Tuesday, 17th July 2018. 7:20:23am ET
Reviews CD Reviews Gothic Lazy Lane- The Chills


Artist: Lazy Lane
CD Title: The Chills
Label: self-released
Reviewer: Joshua Heinrich
Date: 8/7/03

Somewhere in the musical universe, around the intersection of Mazzy Star, The Cranes, Nick Cave and the Bad Seeds, Lydia Lunch, and Elysian Fields, you'll find Lazy Lane. Their self-released full-length debut, The Chills, is a diverse yet cohesive collection of songs that go far beyond the album's title, ranging from slow-paced goth numbers to lo-fi indie rock to moody late-night lounge rock.

The band's sound is centered around Lily Lane's haunting, reverb-drenched vocals with inflections reminiscent of Mazzy Star vocalist Hope Sandoval and occasional moments that warrant comparisons to the eerie child-like voice of The Cranes' Alison Shaw. Her synth skills also create the great atmospheric elements that are central to some of the album's moodier numbers. The music is largely anchored by Aaron Richardson's bass and fleshed out by the proficient rhythm and lead guitar work of Greg Ballato. The lineup is completed by drummer Nathan Ballato, who creates an excellent rhythmic background that is somewhat under-mixed and underplayed on the album, providing ample backing while giving things something of a lo-fi live vibe.

The album gets off to a moody start with "The Girl Upstairs". It's a slow number anchored by a plodding bass line and backed by organ with a bridge that features a cascading synth piano part that adds something of a surreal dreamlike quality to the song. The eerie vibe continues into the next track, the aptly titled "Sleepyville Creepshow", another great moody number complete with rain samples and synth organ that falls somewhere between a cheesy late-night b-horror special and some kind of twisted circus sideshow.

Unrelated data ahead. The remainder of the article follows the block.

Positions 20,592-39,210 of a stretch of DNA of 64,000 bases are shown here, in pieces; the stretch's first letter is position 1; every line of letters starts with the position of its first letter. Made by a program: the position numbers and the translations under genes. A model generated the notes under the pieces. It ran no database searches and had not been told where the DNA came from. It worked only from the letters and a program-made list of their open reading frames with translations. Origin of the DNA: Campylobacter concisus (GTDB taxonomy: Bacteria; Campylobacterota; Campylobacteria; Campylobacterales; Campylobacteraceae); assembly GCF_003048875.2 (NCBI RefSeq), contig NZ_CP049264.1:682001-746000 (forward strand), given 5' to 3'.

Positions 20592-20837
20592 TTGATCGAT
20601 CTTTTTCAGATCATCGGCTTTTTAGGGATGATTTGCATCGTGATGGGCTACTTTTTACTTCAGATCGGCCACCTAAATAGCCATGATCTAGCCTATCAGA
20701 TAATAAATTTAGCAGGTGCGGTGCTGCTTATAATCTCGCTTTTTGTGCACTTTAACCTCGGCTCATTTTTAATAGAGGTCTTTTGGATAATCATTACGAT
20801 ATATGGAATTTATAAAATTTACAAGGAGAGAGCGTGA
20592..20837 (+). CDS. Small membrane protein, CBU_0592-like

From there, the album takes a somewhat different tone, dropping the quirky horror vibe of the opening songs for the laid back rock and catchy chorus of "Eraser". The trend continues with the more upbeat, rhythmic, riff-based indie rocker "Nepenthe", followed by the funkier rock sound and turntable scratching of "Black Cat". "Always Tomorrow", a faster rocker with driving bass, a great vocal melody on the bridge, and a crunchy distorted chorus, is perhaps the most straightforward rocker on the album and is somewhat similar vocally and musically to Population Four era Cranes.

The sinister bass of "Waking Up Buttercup" ushers in a return to the creepy organ and eastern flute sound of the first track, combining with some great processed guitar to give the song something of an 80s post-punk vibe a la The Banshees or Skeletal Family. It then takes a break from the gloom with "Madame Ruby", a slow, jazzy lounge rock track complete with horn bursts, bluesy guitar solos, and processed breathy vocals, before turning dark once again with the two track tour de force of "Poltergeist" and "Soul Thief". Basically blending together seamlessly into one piece, they form something of hybrid between standard indie rock and old-school post-punk centered around crunchy distorted guitar riffs and eerie synth accents. Then comes the somewhat unexpected album closer, "Malaysian Dream Doll", a mellow, uplifting, tender track centered around synth bleeps.

The Chills is a great collection of songs that are very well performed and produced while maintaining something of a lo-fi, laid back sound. The songwriting is generally quite strong and the lyrics, while at times seeming overly simplistic, work well by creating something of a fairytale-like simplicity that seems to fit the band's overall sound. While probably a bit too exotic to achieve much in the way of mainstream recognition, the band's great sound and cross-genre appeal will surely net them a formidable loyal fan base in the independent music scene. If this album is any indication of what's to come, I predict big things for Lazy Lane.

 

www.thelazylane.com

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